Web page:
Repairing Vinyl Siding: 4 Inexpensive Tips Repairing Vinyl Siding: 4 Inexpensive Tips
Vinyl siding is not indestructible, and, when the time comes, repairing vinyl siding yourself can save you money. While it might seem to be a major undertaking at first, repairing vinyl siding doesn’t need to be a big job and it doesn’t need to be expensive. Vinyl siding is extremely resilient in that it requires no cover of paint to cope well with weather conditions and normal wear and tear. It usually retains a good look for many years after installation, but over time certain problems are likely to appear. Catching these early can save a lot of time, effort and money later on, and there are some very straightforward things you can do to maintain vinyl siding yourself. Here are some inexpensive tips on what you can do when your vinyl siding needs attention.
1. Holes in Vinyl Siding
When it comes to holes in vinyl siding, planning ahead is very important. For repair jobs such as this you’re going to need some replacement vinyl siding. It’s a very good idea to buy a bit more than you need when initially installing vinyl siding so that you have some in reserve for when situations like this arise. If you don’t have any spare siding available, it’s going to be necessary to purchase some more. To repair the hold in vinyl siding you first need to decide whether to patch the hole or replace the entire section. This will depend very much on the size of the hole. For very noticeable holes, replacement of an entire section is recommended, but if the hole is very small, you can almost certainly get away with a simple patch.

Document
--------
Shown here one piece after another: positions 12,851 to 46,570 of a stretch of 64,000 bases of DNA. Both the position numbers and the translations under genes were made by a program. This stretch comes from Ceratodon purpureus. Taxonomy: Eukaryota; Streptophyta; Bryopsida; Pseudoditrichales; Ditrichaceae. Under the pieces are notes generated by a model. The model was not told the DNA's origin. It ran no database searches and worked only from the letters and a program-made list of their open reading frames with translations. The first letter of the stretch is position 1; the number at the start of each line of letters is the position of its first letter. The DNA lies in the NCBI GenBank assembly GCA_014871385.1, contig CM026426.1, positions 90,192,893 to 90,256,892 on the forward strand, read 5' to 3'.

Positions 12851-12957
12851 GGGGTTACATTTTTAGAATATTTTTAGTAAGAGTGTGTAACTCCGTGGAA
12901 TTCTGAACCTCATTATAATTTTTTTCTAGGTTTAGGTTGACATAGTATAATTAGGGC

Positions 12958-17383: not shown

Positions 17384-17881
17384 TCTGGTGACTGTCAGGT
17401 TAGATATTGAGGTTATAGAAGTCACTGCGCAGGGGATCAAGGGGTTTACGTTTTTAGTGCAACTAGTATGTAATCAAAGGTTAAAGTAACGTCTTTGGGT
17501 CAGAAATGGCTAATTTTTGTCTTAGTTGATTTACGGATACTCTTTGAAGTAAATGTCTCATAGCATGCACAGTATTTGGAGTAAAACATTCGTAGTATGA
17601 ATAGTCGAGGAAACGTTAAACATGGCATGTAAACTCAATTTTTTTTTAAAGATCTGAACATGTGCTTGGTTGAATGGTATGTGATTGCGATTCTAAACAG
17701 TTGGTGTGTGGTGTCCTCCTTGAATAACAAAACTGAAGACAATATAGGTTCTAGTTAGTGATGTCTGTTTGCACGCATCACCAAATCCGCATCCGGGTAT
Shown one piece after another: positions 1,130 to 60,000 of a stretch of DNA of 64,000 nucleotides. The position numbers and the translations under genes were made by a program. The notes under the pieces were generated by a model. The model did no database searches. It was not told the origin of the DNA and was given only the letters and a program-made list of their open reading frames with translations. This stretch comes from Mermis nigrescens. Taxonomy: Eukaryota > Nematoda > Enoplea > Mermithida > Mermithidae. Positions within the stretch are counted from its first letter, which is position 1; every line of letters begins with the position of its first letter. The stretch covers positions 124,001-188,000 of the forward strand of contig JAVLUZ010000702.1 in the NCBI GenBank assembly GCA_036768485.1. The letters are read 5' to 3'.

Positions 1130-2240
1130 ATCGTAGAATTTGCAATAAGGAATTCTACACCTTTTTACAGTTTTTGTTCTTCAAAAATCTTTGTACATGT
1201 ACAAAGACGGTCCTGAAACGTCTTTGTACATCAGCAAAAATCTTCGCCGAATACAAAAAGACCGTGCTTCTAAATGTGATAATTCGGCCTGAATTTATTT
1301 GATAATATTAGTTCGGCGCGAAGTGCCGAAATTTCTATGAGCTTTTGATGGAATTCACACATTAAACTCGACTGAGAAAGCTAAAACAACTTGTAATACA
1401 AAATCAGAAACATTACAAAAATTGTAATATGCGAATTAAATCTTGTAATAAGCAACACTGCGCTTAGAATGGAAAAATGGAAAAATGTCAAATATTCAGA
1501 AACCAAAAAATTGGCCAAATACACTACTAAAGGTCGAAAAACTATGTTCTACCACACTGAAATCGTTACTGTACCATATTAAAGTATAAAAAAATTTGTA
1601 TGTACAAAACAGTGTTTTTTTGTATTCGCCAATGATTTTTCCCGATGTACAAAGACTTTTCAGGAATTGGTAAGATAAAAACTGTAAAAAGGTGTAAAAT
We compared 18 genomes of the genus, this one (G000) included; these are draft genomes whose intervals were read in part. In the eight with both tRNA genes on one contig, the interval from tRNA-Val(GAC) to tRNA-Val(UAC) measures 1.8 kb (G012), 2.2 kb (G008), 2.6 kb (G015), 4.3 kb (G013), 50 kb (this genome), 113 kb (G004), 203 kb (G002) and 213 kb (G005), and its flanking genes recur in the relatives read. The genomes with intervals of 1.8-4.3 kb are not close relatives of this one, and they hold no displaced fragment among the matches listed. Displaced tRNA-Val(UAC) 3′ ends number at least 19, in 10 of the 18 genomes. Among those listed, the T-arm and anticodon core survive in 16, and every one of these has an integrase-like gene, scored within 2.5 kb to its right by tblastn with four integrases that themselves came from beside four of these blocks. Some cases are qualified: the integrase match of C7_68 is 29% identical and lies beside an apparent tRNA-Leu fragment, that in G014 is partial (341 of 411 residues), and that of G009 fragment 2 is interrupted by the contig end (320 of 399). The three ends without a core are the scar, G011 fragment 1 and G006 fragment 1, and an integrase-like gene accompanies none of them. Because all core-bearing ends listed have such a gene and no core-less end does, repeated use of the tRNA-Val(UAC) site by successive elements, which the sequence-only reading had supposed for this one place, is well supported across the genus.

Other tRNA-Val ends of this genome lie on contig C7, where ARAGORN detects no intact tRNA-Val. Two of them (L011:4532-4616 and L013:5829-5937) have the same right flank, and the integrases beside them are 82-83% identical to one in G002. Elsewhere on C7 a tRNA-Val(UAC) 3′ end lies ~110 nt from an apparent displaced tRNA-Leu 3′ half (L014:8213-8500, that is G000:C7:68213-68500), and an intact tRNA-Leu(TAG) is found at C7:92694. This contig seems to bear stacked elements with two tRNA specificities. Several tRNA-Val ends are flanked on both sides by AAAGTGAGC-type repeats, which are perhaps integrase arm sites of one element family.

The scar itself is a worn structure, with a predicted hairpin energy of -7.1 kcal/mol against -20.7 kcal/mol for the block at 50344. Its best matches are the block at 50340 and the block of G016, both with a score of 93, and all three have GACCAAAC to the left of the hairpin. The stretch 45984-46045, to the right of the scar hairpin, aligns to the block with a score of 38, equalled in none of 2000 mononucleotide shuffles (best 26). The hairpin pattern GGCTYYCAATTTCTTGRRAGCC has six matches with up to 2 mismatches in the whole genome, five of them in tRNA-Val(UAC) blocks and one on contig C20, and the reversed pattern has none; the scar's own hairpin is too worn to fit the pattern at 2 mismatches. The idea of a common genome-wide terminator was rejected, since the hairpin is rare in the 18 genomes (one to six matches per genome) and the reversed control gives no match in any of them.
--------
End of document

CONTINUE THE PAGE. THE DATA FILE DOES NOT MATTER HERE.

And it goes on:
2. Make Repairs when the Weather is Warm
Wherever possible, undertake repairs outside of the coldest months of the year. When the weather is very cold vinyl siding is likely to become brittle and easy to break. Broken vinyl siding means extra expense, do the repairs when it’s warm if you can.
3. Match Siding Instead of Replacing it All
If you’re repairing the front of the house, think about replacing sections with vinyl siding from the back of the house to achieve a color match. Vinyl siding installed at the same time will have aged in the same way and will provide an exact match, thus avoiding a mismatched front or the necessity to replace the whole lot.
4. Replacing Panels
To replace a damaged panel, first use an appropriate tool to exert pressure on the old panel from behind and release it. Be careful not to pull so hard as to damage other panels when removing the damaged one. Work from the ground up to replace damaged panels with matching ones you’ve kept in reserve or bought especially for the task at hand. Check seals when you’ve finished, making sure that everything fits nicely; this will save time and money later on, as well sealed panels are less likely to become loose or damage.
Remember the golden rule for vinyl siding, which is that buying a little extra when you first install it is a very wise investment. You won’t need to spend money to get your vinyl siding repaired.